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Joseph L. Bruno Stadium

Troy, NY

Home of the Tri-City ValleyCats

2.9

3.4

Joseph L. Bruno Stadium (map it)
80 Vandenburgh Ave
Troy, NY 12180


Tri-City ValleyCats website

Joseph L. Bruno Stadium website

Year Opened: 2002

Capacity: 4,500

There are no tickets available at this time.

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Let's Go to the Joe

The Tri-Cities encompasses an area of Upstate New York, which includes Albany, Schenectady and Troy. Formerly known as the Albany Polecats, the local team has become the more regionally focused Valley Cats. They play their games on the campus of Hudson Valley Community College, at the Joseph P. Bruno Stadium, otherwise known as “The Joe.”

2.9

What is FANFARE?

The FANFARE scale is our metric device for rating each stadium experience. It covers the following:

  • Food & Beverage
  • Atmosphere
  • Neighborhood
  • Fans
  • Access
  • Return on Investment
  • Extras

Each area is rated from 0 to 5 stars with 5 being the best. The overall composite score is the "FANFARE Score".

Food & Beverage    2

The 'Cats have a nice array of food options scattered around the park, but they lacked on this occasion in both quality and service. At the main concession stands, they were regularly out of staples, like French fries, pretzels and hamburgers, during pre-game, with 10-15 minute waits while they tried to get caught up. On this occasion, they were also running an "Italian night" special, where they attempted to serve spaghetti or penne with meatballs or sausage. While the option proved quite popular, I don't think they were prepared, and the line snaked its way through a third of the concourse for most of the game.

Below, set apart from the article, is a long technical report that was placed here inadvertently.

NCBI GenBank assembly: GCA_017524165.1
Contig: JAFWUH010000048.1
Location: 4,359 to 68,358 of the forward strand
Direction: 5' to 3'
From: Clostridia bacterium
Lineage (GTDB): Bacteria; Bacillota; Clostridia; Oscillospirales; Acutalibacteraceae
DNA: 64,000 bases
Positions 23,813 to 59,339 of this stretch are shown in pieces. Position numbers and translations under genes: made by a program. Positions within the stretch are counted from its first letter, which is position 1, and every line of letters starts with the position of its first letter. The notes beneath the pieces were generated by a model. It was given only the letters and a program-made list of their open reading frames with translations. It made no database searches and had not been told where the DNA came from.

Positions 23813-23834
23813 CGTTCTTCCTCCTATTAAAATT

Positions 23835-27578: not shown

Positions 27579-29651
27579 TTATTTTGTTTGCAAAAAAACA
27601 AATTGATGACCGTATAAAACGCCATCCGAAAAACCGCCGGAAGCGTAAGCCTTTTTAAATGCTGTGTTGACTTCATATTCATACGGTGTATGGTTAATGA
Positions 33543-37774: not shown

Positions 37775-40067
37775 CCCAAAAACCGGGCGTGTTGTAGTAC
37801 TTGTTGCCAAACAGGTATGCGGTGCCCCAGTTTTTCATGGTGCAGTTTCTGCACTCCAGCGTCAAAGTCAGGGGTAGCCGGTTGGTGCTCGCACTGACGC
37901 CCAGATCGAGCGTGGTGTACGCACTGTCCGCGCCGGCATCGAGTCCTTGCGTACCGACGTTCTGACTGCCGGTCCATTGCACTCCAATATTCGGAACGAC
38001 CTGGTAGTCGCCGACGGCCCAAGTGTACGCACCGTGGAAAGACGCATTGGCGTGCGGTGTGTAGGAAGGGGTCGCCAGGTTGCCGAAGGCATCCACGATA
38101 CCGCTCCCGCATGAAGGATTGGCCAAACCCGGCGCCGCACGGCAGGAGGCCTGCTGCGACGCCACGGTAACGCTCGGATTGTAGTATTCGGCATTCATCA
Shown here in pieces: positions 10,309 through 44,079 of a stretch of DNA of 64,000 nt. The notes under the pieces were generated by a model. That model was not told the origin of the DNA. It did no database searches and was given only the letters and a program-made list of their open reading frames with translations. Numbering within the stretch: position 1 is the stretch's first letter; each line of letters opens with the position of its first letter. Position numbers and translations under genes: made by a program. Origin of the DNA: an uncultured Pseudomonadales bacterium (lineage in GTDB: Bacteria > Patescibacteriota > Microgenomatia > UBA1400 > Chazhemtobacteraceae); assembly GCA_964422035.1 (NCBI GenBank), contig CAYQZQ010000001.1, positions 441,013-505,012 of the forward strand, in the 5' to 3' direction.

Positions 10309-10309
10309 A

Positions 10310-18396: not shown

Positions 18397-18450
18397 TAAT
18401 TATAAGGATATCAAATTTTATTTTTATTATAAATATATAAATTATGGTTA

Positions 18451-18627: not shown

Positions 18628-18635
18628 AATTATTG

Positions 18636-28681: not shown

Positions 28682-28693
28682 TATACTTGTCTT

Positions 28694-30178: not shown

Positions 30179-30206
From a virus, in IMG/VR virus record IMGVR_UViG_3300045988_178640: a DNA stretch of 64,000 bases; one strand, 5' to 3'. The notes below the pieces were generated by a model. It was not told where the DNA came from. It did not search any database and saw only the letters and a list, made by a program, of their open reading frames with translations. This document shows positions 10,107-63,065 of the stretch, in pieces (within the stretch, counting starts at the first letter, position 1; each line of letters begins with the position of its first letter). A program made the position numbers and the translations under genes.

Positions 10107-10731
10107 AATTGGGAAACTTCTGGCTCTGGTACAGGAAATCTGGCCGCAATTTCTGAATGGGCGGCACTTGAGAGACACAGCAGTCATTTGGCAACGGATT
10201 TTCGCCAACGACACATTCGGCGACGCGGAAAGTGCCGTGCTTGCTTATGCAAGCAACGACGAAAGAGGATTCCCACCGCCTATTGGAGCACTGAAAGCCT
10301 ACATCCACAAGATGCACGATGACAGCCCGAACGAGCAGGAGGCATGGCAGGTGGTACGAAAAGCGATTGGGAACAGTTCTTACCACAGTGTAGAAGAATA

Hot dogs are also disappointing. The region is known for a smaller hot dog, but the ballpark variety is standard size. They serve Helmbold's hot dogs, and to my palate, they are quite bland. Some reviews state that Upstate dogs typically don't have the spice of a Nathan's, Hebrew National, or a Sabrett's, and are merely a conveyance for a chili sauce more than a meal in themselves.

Atmosphere    2

For a park this size, games are well attended, but it does feel very much like a place where the game is just something to do while the fans wait for football season. You see a lot of football jerseys in the crowd, and the event is more social than game oriented.

The staff is trying stock promotions, but before and during the game, there is very little sense of connection. As an Astros affiliate for the last 14 years, there's only a sign out front regarding former ValleyCats who make it to Houston to let you know that they are connected in any way.